The sublime and the ridiculous

The other day, I watched an interesting documentary on the life of nomads who live in the deserts. They were answering several questions regarding their history, demography and relevance of their lifestyle to a keen interviewer. When the next phase of the show began, the group was asked what they thought about random subjects. Their treasury of knowledge oscillated between the absurd and the astute.

For instance, some of them did not know the name of the region where they had camped; but seemed to have an uncanny knowledge of the natural resources of the land like where to find water and supplies for their caravan. They hardly cared that their kids were not going to school. Yet they seemed to have been made of grey cells all over. They were able to tell the time and weather without any contraption; they reeled off a dozen home remedies ranging from a bad cold to scorpion bites. They seemed to know a repertoire of words from a series of languages including English, useful for their survival.

The tribe did not bother about lack of potable water or sanitation facilities, but were perfectly capable of optimising what came their way without obstructing or polluting their environment. In other words, they epitomised the concept of wild wanderers to the core!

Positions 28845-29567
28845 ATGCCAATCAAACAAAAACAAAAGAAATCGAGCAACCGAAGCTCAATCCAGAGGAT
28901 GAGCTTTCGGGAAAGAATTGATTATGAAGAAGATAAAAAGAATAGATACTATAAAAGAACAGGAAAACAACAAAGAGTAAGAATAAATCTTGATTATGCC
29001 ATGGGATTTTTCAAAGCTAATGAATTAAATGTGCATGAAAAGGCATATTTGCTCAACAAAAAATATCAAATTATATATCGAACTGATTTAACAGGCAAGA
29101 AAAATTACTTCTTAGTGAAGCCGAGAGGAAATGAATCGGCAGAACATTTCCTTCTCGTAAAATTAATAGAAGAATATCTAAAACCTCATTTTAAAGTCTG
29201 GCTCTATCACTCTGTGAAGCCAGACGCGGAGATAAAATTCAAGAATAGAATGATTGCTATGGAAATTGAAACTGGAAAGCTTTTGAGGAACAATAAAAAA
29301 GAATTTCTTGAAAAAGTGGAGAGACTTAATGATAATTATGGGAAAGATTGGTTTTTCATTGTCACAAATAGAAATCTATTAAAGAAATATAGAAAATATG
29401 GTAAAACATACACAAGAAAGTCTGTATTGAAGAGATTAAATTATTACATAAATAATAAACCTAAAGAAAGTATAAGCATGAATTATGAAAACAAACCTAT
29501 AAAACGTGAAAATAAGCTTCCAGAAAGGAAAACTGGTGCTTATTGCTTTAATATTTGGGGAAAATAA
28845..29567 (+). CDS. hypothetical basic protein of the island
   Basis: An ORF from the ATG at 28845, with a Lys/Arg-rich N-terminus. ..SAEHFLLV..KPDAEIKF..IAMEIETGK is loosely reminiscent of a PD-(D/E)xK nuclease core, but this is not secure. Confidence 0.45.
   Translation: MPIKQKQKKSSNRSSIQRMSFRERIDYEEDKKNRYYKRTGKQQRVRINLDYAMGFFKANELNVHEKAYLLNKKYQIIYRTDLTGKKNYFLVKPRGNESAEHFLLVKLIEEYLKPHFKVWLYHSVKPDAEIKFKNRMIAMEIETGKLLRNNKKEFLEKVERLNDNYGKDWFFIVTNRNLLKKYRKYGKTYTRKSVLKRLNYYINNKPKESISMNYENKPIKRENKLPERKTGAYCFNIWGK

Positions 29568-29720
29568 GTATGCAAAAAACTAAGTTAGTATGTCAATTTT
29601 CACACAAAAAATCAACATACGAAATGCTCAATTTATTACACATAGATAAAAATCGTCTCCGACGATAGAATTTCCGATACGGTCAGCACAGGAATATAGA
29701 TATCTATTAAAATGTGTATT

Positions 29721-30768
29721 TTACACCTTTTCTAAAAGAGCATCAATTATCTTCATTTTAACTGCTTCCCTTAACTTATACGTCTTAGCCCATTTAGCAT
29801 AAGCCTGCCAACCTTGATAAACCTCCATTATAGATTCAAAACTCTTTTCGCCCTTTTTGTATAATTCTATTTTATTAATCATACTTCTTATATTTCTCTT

Then there was a query on lord Ganesha. The interviewer called upon an elderly woman in the group and asked her why she thought the lord was pot-bellied. Pat, came the answer; “Because, he has the earth in his stomach.” Even as the eyes of questioner lolled with disbelief, a slow and deliberate explanation as if to a child followed. The lord protected the world by placing it in his stomach; it was but natural that the round world bulged over his middle. I mulled over the outlandish answer. For a while, it appeared as if the lady had reduced the sublime to the ridiculous.

Then, I was reminded of Thomas Paine who said, “The sublime and the ridiculous are often so nearly related that it is difficult to class them separately, one step above the sublime makes the ridiculous and one step above the ridiculous makes the sublime again.” The words which had seemed like a cryptic code to me until then suddenly came alive.

I was able to appreciate their interpretation of the deity despite seeming unsual. It was pretty much on the lines of what the devout would say, about the lord protecting the universe. In retrospect, I realised that their set of life skills and knowledge albeit different, were on par, perhaps even superior to the so called civilised society.

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The sublime and the ridiculous

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